Unfortunately, the importers have gotten wise to the demand for super rare items and really hold back what is available for sale. It is very much like the De Beers diamond company. They own the majority of the successful diamond mines in the world, producing huge numbers of diamonds. There are so many diamonds that if they actually sold them as they were mined, the market would fall apart and the price of diamonds would be ruined. Instead, they store them in a large warehouses in South Africa, Switzerland, and the Netherlands. Diamonds are released to the market on a strict timetable to ensure that the price remains constant. Coral importers do roughly the same thing. They aren’t exactly going to harvest and sell hundreds of Strawberry Shortcake colonies as they know the market is strong and there is more money in it for them if they release them slowly. In fact, one large buyer told me that the initial price for this particular coral, for a colony the size of a baseball glove, was around $100-$200. Once the importers realized that there was a great market for it, they started raising the price to keep more of the profits for themselves. This is basically the reason that frags cost $80 instead of $20.
Back to the vendor side, prices are artificially inflated to the maximum price that someone can actually sell the coral for. Let’s face it, there is virtually no demand for live coral outside of the hobby, and it happens to be a hobby that is truly a luxury. If reefers decrease their demand, there is literally no other market for these goods. Not only that, but it is a relatively small market, all things considered. There are only several thousand individuals in the world who actually care about this stuff (amateur reefers aside). The price is set by YOU, the consumer when you agree to purchase something. Vendors need to sell to stay in business or pay for their hobby, or whatever other reason they are hacking these poor animals to bits. With such a small market, strange market forces come to bear. Take for example this story about automated price changes for a rare genetics textbook on Amazon:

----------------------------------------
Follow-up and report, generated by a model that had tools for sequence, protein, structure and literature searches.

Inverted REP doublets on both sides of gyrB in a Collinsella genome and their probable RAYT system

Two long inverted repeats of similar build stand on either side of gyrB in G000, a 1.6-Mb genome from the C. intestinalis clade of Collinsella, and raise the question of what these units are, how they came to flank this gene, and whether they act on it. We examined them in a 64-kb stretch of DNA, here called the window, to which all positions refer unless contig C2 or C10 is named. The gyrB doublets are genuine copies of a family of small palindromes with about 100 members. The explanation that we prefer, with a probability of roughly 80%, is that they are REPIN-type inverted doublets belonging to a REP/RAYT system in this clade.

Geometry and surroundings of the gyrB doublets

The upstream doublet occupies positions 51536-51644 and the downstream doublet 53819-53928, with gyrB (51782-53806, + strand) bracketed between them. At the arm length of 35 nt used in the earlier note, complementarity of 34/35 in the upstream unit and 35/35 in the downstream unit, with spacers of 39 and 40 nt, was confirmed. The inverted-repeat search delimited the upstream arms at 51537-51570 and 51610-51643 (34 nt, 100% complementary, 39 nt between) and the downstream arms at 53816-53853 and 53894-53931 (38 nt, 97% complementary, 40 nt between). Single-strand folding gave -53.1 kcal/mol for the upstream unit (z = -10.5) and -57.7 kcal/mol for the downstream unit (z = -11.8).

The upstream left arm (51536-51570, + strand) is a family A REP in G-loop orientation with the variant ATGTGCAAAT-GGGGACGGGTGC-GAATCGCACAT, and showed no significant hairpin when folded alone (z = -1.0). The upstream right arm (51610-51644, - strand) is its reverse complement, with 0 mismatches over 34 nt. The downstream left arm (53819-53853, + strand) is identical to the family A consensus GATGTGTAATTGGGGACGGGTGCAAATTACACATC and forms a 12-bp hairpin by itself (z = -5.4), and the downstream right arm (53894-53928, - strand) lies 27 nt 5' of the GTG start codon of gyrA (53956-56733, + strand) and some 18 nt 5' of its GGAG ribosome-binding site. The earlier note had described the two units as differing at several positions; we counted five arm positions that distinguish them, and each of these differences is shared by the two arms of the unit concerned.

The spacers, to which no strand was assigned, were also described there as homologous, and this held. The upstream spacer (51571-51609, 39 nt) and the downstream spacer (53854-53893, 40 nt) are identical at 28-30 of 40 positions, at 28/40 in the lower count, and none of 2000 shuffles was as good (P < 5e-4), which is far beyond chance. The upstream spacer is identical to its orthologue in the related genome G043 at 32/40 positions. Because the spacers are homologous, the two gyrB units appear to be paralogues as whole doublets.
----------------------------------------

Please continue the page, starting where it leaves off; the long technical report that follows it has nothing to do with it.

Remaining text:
$23 million dollars for a textbook, just because two people set competitive prices for the same book. Yes, it is a bit extreme, and yes it was caused by technology, but there really is no reason to believe that the same thing is not happening in the market for coral. If two people are selling a particularly rare coral, they are both probably watching the advertised price of the other, and incorrectly assuming that the other vendor is actually making some sales. So each seller assumes that if someone else is selling their coral for $200, they can sell it for $250 easy. Hell, this thing is LE!
There is simply not a large enough market to establish any sort of realistic price for these items, so things like this happen all the time. At a recent swap I saw one vendor with a clam for $300. He only had one of them and basically it was up on a pedestal in the middle of his tank like the holy grail. I think he actually thought it was very rare, and in reality, in the rest of the room (with one exception), there were no other clams of this size and type. Now, directly across the room from him was a large established vendor, and when he unpacked his shipping boxes revealed over a hundred of the same clams in a variety of cool colors. His price? $80.